Wednesday, December 31, 2008

Forget the Scots, Here Come the Welsh

trawsfynydd130606_228x270 Well, of course we want Scotland to see the error of their ways and keep their nuclear plants up and running. There seems to be a little pushback on closing them:

[Iain] McMillan [director of CBI Scotland, the Scots version of the Chamber of Commerce] said that the proposed local income tax, to replace council tax in Scotland, could turn businesses away from the country, and the [Scottish National Party]’s decision to rule out new nuclear power stations north of the border could put Scotland’s future as an energy exporter at risk.

We’ll see. If we read the story right, a consensus seems to be emerging that Scotland is spiting its nose to throw out the baby with the bird in the bush. In other words, bad decision.

Maybe the United Kingdom subscribes to The Sound of Music dictum that when God closes a door, He opens a window. Here’s the window:

Energy firm RWE nPower has revealed plans to build up to three new nuclear power stations in Anglesey, Wales, the Guardian has reported.

The British branch of the German-owned firm has announced its intention to make a 'multibillion-pound investment' in the area which could generate 3.6 gigawatts of energy which could provide power for up to 5m homes from 2012. The company has already secured grid connections for the energy.

This report comes from, which caters to the construction business, and one can see why this would interest them. Wales is closing two plants, supplying 40% of the electricity to Wales, in 2010, but with these giants coming on line, perhaps they’ll extend the life span of the earlier two long enough to bridge the gap.

You’ll note that the two new plants can power 5 million homes – since Wales has 3 million people, perhaps they can zap some of that energy over to Scotland. They might need it.

The Trawsfynydd (gesundheit!) nuclear power station. This is one of the two that’s closing.

Happy New Year!

nuclear energyMany thanks to all NNN readers who made 2008 such an electric year: records were set for visitors, page views, and visits. We look forward to an even more exciting 2009.

Below, the top 12 most-read blog posts of the year.

1. Barack Obama on Nuclear Energy
2. John McCain on Nuclear Energy and Yucca Mountain
3. Amory Lovins and His Nuclear Illusion - Final Thoughts
4. Nuclear, Wind, Coal, Gas and Oil Footprints
5. The Nuclear Option: CNBC
6. Warren Buffett Makes a Nuclear Play
7. Russia's Nuclear Energy Investment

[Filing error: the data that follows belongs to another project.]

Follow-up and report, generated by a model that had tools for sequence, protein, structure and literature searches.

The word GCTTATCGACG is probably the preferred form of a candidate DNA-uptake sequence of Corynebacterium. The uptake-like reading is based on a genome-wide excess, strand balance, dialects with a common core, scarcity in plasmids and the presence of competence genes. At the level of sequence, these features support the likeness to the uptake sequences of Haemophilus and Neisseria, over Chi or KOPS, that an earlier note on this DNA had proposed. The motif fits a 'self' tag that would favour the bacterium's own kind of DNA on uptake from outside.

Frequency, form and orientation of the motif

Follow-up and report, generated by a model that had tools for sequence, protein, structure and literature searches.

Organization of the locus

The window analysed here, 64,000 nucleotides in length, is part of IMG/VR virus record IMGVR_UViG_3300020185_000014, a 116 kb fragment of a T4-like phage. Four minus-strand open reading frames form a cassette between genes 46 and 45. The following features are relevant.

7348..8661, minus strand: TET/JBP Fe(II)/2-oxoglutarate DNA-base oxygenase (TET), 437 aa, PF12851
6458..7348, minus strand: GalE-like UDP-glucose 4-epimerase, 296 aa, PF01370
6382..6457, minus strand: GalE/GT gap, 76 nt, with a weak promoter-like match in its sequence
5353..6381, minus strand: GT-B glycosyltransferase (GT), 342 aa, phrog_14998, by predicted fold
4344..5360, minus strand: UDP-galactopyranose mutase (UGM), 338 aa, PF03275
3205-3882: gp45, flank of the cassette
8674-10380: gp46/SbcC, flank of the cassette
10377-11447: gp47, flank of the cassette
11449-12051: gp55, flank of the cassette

8. The Wall Street Journal Energy Report
9. Legends and Facts: Steven Chu on Nuclear Energy
10. Inside U.S. Energy Subsidies
11. Lieberman-Warner: "Leave No Fuel Behind"
12. T. Boone Pickens and the Politics of Wind: What Texas Wants
Photo of Wunderland Kalkar, courtesy of Rick Wezenaar.

Wednesday, December 24, 2008

The Dirty Energy Sector

susquehanna_nuclear_plant We were expecting a little better from a story called U.S. Energy Industry Is Wary of Obama, although we think almost all industries are wary of a major change in political authority. Priorities are bound to shift and they have to hope it isn’t away from them. But this story seems to want to go further in its Cassandra-like warning:

President-elect Barack Obama hasn't appointed a single person from the dirty energy sector for his energy team. I'm referring to the oil, coal and nuclear energy industries. This has these industries concerned albeit their statements to the contrary.

Dirty energy sector! We’ll have to have words with writer Dave Giza on that drive-by slur. But when it comes to explaining how nuclear may be facing difficulties, the result is some pretty translucent milk:

Obama said during the presidential campaign that nuclear energy has a role in the nation's energy future but also pointed to its high costs and concerns about properly disposing waste. Dr. [Steven] Chu's most recent job was head of the Lawrence Berkeley National Lab, which began as one of the government's premier nuclear research facilities and still does fusion and radiation research. Chu signed a paper last summer along with the heads of other national energy labs, extolling the importance of nuclear power's role for the U.S. and the world.